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Journal Article

Global reorganization of atmospheric circulation during Dansgaard–Oeschger cycles


Fohlmeister,  Jens
Potsdam Institute for Climate Impact Research;

Sekhon,  Natasha
External Organizations;

Columbu,  Andrea
External Organizations;

Vettoretti,  Guido
External Organizations;

Weitzel,  Nils
External Organizations;

Rehfeld,  Kira
External Organizations;

Veiga-Pires,  Cristina
External Organizations;


Ben-Yami,  Maya
Potsdam Institute for Climate Impact Research;


Marwan,  Norbert
Potsdam Institute for Climate Impact Research;


Boers,  Niklas
Potsdam Institute for Climate Impact Research;

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Fohlmeister, J., Sekhon, N., Columbu, A., Vettoretti, G., Weitzel, N., Rehfeld, K., Veiga-Pires, C., Ben-Yami, M., Marwan, N., Boers, N. (2023): Global reorganization of atmospheric circulation during Dansgaard–Oeschger cycles. - Proceedings of the National Academy of Sciences of the United States of America (PNAS), 120, 36, e2302283120.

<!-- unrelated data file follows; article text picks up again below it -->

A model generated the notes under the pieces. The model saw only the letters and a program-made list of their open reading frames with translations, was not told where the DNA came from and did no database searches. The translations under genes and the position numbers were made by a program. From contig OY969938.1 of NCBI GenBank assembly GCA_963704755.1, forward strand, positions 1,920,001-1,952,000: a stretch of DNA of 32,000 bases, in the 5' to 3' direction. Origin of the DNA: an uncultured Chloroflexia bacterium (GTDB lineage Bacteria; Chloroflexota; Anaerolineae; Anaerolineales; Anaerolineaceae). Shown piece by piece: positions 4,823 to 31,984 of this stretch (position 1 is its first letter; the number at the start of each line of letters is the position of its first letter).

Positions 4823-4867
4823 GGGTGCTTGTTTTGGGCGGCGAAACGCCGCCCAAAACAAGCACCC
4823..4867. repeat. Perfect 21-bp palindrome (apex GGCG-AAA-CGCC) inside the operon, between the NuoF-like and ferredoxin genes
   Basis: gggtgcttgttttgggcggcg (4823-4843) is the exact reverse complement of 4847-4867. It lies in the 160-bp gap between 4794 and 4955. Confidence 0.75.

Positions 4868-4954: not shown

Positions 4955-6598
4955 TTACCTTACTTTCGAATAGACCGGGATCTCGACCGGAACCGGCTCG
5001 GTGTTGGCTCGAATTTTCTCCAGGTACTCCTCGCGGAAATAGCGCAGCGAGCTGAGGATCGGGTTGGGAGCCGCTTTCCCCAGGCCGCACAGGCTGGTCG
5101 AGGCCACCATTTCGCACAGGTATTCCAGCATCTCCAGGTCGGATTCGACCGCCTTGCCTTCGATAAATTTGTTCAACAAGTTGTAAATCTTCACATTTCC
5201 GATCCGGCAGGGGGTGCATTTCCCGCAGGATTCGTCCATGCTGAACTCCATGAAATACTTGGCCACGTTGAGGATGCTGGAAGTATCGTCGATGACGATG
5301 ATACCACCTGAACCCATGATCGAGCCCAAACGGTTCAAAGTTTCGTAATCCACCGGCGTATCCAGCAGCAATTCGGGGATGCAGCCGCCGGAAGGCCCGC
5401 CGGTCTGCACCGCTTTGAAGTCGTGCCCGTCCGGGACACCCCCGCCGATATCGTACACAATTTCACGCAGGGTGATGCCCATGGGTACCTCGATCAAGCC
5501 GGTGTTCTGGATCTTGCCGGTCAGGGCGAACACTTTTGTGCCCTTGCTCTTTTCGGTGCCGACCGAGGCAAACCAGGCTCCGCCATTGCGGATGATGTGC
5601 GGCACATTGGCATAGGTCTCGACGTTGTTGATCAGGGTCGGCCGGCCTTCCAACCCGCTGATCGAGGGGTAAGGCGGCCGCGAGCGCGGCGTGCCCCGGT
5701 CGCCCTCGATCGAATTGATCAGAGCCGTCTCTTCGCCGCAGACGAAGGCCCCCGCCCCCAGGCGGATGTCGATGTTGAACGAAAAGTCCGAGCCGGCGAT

Cite as: https://publications.pik-potsdam.de/pubman/item/item_28697
Ice core records from Greenland provide evidence for multiple abrupt cold–warm–cold events recurring at millennial time scales during the last glacial interval. Although climate variations resembling Dansgaard–Oeschger (DO) oscillations have been identified in climate archives across the globe, our understanding of the climate and ecosystem impacts of the Greenland warming events in lower latitudes remains incomplete. Here, we investigate the influence of DO-cold-to-warm transitions on the global atmospheric circulation pattern. We comprehensively analyze δ18O changes during DO transitions in a globally distributed dataset of speleothems and set those in context with simulations of a comprehensive high-resolution climate model featuring internal millennial-scale variations of similar magnitude. Across the globe, speleothem δ18O signals and model results indicate consistent large-scale changes in precipitation amount, moisture source, or seasonality of precipitation associated with the DO transitions, in agreement with northward shifts of the Hadley circulation. Furthermore, we identify a decreasing trend in the amplitude of DO transitions with increasing distances from the North Atlantic region. This provides quantitative observational evidence for previous suggestions of the North Atlantic region being the focal point for these archetypes of past abrupt climate changes.